Update: Angry Bitmap noted that I could have kept the 9-sou and gone for an iipeikou, a yaku where you get two sequences of the same suit. This is true. However, when Sleepykastel wrote this at 5AM, he forgot to mention that two 9-sous are already played (one discarded and the other chi’d). If I somehow got another 9-sou by pure luck, I may have the lucky chance to upgrade it to a ryanmen (two sided or more) wait. This is a mistake by me because I was focused onto writing about my hand and thought I don’t need to write about the other players’ discards. I apologize to Bitmap who is currently working his butt off as I write this update.

However, because such a thing happened, it is logical to discard the 9-sou.

Suppose if such a thing did not happen, then it will make sense to throw out the 8-sou. I’ll patiently wait for another 9-sou.

On my fifth turn, I got a 2-sou and therefore completing another set (2-3-4-sou). I currently have two sets and two pairs. If I get one more set, I’m in tenpai, meaning I’m one tile away from winning. Right now, I’m in iishanten, two tiles away from winning. I’ll assume you’re intelligent and moe enough to understand what 3shantens and et cetera are.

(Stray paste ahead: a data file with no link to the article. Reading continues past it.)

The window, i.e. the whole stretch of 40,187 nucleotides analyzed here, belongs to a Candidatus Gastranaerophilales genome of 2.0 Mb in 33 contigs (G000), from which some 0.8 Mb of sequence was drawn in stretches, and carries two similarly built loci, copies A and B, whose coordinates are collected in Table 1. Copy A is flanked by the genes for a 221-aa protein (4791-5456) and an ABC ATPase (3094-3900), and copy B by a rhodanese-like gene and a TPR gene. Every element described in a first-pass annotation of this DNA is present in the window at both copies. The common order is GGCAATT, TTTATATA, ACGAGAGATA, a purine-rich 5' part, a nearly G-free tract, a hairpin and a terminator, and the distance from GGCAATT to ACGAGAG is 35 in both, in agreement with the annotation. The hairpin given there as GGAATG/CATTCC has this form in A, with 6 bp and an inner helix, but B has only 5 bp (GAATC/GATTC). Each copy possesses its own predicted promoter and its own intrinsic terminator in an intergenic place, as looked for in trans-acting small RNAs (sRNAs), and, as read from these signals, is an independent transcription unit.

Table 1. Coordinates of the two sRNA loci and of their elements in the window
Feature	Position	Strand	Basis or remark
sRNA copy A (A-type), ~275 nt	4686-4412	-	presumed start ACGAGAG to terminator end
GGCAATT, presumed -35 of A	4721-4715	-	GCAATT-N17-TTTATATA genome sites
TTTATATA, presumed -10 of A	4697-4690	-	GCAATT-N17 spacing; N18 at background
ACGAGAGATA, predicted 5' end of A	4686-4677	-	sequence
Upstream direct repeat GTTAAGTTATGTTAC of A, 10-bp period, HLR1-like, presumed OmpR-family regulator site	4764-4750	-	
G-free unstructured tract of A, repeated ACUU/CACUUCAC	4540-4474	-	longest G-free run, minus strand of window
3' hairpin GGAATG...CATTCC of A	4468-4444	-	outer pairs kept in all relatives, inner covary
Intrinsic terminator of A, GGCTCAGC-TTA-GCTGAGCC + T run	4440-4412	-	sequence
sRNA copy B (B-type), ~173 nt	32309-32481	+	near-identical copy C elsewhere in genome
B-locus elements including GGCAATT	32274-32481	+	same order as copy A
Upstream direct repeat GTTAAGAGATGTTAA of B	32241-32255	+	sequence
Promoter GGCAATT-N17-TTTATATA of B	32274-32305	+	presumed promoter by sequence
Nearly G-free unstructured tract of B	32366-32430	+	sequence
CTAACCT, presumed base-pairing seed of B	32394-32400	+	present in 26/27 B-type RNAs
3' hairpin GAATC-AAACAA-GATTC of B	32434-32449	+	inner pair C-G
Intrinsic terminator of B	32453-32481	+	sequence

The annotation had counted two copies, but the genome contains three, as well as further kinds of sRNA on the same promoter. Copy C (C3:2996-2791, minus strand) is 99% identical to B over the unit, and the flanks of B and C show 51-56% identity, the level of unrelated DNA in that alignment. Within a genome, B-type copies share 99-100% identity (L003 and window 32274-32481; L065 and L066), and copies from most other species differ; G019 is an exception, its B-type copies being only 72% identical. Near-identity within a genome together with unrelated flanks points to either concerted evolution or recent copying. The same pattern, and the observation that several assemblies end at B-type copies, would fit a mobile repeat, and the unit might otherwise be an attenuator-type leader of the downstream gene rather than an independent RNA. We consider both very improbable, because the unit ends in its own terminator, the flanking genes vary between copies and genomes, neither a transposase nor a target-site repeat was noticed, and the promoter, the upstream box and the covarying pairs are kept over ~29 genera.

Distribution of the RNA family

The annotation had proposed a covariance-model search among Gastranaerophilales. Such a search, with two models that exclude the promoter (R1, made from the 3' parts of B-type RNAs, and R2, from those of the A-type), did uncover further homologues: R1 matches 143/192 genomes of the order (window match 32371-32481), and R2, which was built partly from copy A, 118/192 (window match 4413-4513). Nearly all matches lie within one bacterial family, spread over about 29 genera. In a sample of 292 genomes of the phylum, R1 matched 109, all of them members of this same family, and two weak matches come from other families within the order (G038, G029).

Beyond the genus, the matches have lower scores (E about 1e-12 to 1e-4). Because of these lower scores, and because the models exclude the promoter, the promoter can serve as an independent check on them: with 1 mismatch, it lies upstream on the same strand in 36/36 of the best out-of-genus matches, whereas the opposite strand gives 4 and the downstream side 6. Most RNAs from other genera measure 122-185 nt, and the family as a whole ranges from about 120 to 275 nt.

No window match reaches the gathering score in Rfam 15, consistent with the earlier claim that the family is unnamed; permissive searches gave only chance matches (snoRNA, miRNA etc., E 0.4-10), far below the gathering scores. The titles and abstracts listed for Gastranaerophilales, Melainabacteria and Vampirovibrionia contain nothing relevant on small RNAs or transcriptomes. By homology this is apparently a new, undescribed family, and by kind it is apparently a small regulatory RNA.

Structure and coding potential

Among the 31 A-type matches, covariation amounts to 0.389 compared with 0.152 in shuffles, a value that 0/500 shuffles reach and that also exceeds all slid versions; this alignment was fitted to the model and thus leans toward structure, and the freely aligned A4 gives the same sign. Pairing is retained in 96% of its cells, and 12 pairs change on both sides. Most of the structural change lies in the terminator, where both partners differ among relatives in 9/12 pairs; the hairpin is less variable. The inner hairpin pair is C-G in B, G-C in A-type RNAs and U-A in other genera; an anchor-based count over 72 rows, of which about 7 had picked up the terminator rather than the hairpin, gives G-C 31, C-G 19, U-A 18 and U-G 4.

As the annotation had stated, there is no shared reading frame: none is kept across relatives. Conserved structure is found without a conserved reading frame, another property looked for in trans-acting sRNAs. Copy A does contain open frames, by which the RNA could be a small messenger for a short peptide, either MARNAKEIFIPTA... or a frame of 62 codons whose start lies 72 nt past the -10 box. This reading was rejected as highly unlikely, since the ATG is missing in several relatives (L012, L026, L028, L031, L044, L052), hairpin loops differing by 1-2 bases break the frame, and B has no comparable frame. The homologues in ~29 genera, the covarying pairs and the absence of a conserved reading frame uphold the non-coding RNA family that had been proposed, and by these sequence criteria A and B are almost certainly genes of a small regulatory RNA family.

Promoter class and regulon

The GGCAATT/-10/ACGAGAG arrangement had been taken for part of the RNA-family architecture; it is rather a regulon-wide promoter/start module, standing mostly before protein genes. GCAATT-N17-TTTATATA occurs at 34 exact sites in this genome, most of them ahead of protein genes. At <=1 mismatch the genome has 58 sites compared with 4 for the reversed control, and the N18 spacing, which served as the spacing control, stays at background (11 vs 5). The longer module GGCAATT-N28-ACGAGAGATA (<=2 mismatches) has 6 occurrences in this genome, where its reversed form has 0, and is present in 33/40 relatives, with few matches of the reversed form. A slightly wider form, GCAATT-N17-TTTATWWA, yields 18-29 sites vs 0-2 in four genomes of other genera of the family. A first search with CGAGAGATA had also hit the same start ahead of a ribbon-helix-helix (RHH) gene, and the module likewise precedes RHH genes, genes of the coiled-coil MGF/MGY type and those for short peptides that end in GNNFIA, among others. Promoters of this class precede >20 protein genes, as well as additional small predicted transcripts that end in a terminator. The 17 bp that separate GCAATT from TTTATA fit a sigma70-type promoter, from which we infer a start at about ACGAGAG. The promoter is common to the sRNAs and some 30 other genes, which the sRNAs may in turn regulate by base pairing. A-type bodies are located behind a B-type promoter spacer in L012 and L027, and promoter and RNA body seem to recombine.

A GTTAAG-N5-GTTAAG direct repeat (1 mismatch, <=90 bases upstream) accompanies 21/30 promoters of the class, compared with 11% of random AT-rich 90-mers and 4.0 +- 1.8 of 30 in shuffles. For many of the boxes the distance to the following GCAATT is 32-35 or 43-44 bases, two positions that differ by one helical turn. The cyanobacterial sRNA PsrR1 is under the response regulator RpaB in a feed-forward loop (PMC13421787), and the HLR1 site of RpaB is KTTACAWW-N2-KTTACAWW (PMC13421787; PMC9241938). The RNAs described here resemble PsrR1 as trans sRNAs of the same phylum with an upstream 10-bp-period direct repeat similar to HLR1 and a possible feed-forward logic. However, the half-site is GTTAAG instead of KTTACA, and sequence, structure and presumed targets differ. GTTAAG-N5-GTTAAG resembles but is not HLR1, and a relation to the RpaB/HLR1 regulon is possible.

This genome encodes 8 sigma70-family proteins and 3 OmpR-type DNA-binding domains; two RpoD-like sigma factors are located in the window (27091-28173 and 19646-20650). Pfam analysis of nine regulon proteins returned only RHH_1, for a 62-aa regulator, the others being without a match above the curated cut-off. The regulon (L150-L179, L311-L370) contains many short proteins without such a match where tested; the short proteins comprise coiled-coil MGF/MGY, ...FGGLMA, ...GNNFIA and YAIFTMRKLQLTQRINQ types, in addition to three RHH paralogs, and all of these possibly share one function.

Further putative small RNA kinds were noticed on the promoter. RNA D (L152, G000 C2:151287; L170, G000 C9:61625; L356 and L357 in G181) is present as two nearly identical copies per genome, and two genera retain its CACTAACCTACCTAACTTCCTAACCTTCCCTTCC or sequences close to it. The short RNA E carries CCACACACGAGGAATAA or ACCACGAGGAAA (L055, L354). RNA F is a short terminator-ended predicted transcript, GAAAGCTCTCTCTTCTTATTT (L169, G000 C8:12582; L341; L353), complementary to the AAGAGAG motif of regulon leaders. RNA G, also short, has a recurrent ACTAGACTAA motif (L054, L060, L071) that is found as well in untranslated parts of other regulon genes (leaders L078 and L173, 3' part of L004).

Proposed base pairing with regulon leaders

Just by gut, I’ll discard the 3-pin. I don’t really have much of a choice since I have to destroy a set in the works anyway to get another completed set.

Until my eighth turn, I kept discarding the newly gotten tiles; this is the turn I do things differently:

Yesssssss, I finally got a set! This time, it completes 2-3-4-man. I have decided to call out riichi; this means I am ‘ready’ and have decided to gamble on 1,000 points on me winning the hand.